1920: Racer Eddie O’Donnell (33) died in Beverly Hills, California from injuries suffered the previous day when his Duesenberg collided with the Frontenac driven by Gaston Chevrolet. Chevrolet was killed as well as O’Donnell’s
mechanic Lyall Jolls, who died the next day. O’Donnell started his career as a riding mechanic for Duesenberg race car driver Eddie Rickenbacker. When Rickenbacker left the Duesenberg Team to join the Peugeot Team, O’Donnell took over as driver. O’Donnell served as Captain of the Duesenberg team. He was highly successful on the dirt tracks and Board Tracks around the United States, also having raced on the road circuits.
1958: The FIA approved flame-proof clothing, a move considered long overdue given the high number of injuries and fatalities in the sport. The Avon tire company were at the forefront of the developments, although the initial garments only worked if they were kept dry, so in rain or if washed they had to be treated again to be effective.
1967: Dan Gurney drove an Eagle to victory in the Rex Mays 200 Indycar race at Riverside, California, USA. He was the first driver to win in the four major racing disciplines of Indycars, stockcars, F1, and sportscars.
1975: Timo Makinen and Henry Liddon won the RAC Rally with a Ford Escort RS1800 .
1980: Peter DePaolo, who won a dazzling victory at the 1925 Indy 500, died at the age of 82. The nephew of racing legend Ralph DePalma, DePaolo first started racing for Duesenberg in the 1920s. For the 1925 Indy, racing car designer Harry Miller showed up with a dramatic new supercharged front-drive Miller Junior Eight, and Peter DePaolo, who was set to drive for Duesenberg, had his work cut out from him. However, DePaolo had set a promising 135 mph record on the Culver City boards that same year, and as the race got underway, he took an early lead over racer Dave Lewis in the Miller Junior Eight. By the halfway point of the race, the blisters on DePaolo’s hands had become intolerable, and Fred Duesenberg replaced him with Norman Batten. When DePaolo returned from the track hospital, he learned with horror that Batten had fallen to fifth place, and Dave Lewis was leading in the Miller. DePaolo reentered the race, and slowly but surely, DePaolo fought his way to the front of the pack again. When the dust cleared on the Indianapolis Motor Speedway, Peter DePaolo had prevailed. It was a great victory for the Duesenberg team, made greater by DePaolo’s passing of the 100 mph Indy speed barrier with an average speed of 101.13 mph.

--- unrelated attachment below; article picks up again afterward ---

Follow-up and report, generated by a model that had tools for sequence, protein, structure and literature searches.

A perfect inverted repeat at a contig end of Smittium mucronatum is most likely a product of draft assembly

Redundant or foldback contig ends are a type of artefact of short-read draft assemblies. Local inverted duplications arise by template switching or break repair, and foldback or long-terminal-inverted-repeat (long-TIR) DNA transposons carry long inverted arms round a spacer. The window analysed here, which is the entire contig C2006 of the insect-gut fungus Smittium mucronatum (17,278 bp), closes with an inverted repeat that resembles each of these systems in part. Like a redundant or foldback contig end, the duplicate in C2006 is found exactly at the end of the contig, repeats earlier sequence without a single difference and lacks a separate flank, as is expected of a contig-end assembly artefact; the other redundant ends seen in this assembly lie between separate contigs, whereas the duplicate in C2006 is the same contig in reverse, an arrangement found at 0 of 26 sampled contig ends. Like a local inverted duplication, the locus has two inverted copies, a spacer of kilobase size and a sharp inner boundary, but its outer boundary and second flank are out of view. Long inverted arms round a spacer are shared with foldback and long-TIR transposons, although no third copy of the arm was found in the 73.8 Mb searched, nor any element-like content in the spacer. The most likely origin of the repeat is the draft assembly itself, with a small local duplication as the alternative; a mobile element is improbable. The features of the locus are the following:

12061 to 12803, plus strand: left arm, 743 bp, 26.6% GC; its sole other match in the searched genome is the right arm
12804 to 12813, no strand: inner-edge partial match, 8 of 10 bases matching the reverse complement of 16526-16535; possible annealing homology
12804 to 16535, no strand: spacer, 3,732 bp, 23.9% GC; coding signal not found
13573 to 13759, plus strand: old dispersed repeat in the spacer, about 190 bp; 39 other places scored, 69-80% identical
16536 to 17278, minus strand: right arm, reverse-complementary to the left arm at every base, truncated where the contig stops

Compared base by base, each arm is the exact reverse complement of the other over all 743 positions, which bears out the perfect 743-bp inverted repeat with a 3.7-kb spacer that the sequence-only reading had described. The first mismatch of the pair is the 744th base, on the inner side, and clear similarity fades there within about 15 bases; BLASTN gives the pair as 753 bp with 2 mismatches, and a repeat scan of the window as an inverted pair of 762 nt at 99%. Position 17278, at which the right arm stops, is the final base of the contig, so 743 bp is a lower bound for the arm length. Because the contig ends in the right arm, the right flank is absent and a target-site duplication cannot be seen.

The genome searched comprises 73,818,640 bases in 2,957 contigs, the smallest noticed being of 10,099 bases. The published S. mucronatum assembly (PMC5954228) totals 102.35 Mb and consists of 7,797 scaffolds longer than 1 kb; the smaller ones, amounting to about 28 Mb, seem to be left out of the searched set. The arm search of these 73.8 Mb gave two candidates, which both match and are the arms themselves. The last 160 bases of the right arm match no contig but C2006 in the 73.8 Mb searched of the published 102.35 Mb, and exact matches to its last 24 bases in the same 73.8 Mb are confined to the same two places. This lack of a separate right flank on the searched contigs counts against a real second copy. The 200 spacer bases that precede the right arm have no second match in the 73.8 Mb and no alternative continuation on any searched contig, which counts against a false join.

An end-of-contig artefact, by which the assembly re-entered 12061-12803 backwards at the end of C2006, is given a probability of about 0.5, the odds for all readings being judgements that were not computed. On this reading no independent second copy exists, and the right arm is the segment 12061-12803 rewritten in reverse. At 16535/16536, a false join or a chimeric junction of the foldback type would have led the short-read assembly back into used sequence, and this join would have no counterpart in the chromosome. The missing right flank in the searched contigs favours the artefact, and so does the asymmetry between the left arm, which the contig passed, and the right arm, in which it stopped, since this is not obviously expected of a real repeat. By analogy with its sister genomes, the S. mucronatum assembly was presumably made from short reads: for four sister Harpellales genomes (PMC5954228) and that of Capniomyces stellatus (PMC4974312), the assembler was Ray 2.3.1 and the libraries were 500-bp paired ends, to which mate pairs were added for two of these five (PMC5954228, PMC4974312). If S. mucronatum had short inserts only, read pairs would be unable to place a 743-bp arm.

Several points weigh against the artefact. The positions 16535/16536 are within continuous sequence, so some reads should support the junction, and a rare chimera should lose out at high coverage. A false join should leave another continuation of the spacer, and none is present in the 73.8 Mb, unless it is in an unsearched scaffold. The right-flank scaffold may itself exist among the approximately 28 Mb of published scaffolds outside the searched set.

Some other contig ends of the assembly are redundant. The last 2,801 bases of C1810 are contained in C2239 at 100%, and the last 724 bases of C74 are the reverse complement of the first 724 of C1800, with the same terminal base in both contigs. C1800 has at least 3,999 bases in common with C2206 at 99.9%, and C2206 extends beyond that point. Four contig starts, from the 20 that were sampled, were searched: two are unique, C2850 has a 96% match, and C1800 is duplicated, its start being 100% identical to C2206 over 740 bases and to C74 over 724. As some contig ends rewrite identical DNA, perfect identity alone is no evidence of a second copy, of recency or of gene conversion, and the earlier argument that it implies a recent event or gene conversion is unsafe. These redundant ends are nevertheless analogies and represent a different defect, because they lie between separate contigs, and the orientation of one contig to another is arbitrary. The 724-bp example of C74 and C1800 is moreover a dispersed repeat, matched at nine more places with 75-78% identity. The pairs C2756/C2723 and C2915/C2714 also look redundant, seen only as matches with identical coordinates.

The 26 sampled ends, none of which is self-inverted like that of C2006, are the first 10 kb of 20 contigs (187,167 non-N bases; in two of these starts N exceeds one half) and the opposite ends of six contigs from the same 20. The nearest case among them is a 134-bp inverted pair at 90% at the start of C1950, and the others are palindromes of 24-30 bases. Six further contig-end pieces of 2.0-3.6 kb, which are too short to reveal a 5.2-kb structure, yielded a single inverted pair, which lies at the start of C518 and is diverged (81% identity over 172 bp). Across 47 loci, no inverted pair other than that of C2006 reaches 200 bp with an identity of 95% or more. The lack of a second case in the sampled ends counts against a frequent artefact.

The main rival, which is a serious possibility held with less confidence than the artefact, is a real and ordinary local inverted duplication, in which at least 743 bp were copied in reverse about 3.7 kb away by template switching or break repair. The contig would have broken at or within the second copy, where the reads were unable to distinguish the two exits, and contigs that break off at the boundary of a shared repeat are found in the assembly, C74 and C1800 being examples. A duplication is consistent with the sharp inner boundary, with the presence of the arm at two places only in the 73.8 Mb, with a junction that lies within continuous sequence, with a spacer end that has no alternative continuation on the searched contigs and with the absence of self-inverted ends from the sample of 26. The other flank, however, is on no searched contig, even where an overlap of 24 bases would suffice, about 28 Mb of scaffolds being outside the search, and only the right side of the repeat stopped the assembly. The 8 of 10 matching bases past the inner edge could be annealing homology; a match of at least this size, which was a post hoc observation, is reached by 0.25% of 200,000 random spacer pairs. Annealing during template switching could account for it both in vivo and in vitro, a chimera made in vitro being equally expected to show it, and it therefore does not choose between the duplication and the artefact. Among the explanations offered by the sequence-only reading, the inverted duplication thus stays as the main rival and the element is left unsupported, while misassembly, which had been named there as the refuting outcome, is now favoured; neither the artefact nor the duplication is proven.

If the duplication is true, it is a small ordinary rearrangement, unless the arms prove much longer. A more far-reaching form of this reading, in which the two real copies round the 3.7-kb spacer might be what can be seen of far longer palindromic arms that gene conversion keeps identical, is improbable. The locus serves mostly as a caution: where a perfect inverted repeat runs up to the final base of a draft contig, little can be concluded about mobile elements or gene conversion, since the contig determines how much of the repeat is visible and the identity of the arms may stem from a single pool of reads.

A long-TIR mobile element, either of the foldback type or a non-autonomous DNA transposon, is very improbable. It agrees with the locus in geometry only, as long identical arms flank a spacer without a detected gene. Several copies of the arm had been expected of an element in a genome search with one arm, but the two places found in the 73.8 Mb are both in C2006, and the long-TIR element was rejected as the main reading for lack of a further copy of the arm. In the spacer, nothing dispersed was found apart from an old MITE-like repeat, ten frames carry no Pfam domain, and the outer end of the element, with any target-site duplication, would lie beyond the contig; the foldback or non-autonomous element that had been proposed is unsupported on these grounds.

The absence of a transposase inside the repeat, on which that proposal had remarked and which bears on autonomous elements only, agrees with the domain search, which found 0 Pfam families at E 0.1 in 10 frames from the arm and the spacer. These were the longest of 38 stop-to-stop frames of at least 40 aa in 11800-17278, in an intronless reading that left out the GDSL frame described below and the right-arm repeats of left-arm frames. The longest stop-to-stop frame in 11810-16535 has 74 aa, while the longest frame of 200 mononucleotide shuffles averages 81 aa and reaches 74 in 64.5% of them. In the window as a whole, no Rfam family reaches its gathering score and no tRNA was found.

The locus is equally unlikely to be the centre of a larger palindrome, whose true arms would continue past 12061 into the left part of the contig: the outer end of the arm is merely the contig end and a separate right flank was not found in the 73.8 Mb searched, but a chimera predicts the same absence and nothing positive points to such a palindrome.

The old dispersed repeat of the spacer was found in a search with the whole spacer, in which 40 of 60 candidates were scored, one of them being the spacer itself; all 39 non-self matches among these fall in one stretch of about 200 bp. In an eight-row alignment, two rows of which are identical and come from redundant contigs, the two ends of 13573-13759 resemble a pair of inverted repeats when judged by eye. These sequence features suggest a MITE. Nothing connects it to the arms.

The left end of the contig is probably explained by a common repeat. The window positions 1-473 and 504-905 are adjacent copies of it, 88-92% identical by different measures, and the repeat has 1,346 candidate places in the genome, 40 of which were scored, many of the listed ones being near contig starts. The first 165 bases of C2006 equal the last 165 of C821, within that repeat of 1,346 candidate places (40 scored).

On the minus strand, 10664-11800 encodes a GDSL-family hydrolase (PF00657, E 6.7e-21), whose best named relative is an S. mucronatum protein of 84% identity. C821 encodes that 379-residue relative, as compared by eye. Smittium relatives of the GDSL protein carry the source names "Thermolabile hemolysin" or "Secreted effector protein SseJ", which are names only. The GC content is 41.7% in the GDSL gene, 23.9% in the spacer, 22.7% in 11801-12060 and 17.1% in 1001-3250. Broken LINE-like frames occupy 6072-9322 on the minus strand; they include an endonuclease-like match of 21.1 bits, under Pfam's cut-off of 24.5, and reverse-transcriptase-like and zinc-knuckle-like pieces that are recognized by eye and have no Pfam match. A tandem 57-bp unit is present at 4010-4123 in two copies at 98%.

2002: Niki Lauda was asked to stand aside as team principal of Jaguar by Richard Parry-Jones, the head of the Formula One programme for Ford, which owned the team. “Honestly, the decision did surprise me,” Lauda, who was the fourth boss in a little over two years, said. “But what you’ve got to know is that Britons do have their unique way of solving problems. They saw away at the legs of the chair.”
2008: Bernie Ecclestone unveiled proposals to revamp the Formula One points system by awarding gold, silver and bronze medals for the podium places. “It’s going to happen,” he told a press conference in London. “All the teams are happy. The whole reason for this is I am fed up with people talking about there being no overtaking. The reason there is no overtaking is nothing to do with the circuits or the cars – it’s because the drivers don’t need to overtake.” But for once he had not done his homework. Eddie Jordan said Ecclestone was “tinkering with something on which he has lost the understanding” and that was the view of the teams who kicked the idea firmly into touch. Had the scheme been in place then Lewis Hamilton and not Kimi Raikkonen would have been the 2007 champion.